I'm just taking a stab, because my inorganic chemistry is rusty.
cyanate (CN-) is well known to bind to iron (it inhibits hemoglobin and causes anoxia), and it also forms a pretty strong complex with Zinc:
I would guess that in the case of the SOD that the other liganding amino acids and the pocket of the enzyme are such that the affinity for cyanide is lowered to the point that oxygen can displace it.
In the case of hemoglobin, CN will coordinate to the heme iron in much the same fashion that O2 does, but it doesn't come off. In the case of SOD, the enzyme will be looking to coordinate to superoxide O2(2-) which would be at a roughly tetrahedral angle to the metal. This is not a favored geometry for CN coordination, which prefers to linearly coordinate to things.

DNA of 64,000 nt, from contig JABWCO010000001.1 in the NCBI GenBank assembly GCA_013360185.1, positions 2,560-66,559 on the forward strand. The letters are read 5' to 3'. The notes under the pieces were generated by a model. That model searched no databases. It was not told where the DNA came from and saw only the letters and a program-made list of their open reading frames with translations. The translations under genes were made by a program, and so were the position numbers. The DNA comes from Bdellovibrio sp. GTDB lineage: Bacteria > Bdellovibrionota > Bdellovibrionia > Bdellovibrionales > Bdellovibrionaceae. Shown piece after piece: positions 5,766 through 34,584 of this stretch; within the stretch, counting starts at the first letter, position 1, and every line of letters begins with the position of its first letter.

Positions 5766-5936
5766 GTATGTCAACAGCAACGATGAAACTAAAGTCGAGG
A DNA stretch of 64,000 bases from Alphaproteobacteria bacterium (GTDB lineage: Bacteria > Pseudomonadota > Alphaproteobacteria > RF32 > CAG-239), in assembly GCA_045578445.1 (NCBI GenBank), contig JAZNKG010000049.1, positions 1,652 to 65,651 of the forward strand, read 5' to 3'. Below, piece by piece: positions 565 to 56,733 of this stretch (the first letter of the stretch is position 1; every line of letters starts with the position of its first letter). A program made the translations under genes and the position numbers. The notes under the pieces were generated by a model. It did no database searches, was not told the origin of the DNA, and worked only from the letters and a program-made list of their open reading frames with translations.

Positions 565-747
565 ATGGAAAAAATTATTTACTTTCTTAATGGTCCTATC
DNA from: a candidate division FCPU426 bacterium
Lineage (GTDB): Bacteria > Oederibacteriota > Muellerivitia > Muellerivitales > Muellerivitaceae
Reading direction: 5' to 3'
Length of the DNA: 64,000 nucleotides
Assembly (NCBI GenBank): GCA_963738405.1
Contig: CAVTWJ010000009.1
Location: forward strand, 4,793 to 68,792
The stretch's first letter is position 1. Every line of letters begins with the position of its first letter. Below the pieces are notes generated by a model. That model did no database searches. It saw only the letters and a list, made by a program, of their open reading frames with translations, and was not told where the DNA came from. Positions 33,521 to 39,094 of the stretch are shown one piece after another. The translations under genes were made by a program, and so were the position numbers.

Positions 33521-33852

In the case CuZnSOD it seems likely that this enzyme has enough room and its Zn and Cu binding envirionments don't forbid CN binding. it would be an evolutionary accident really as to why one is sensitive and another is not.
some structures at rcsb:
thiocyanate bound. the pocket is pretty open between the two ions. no CN bound structure.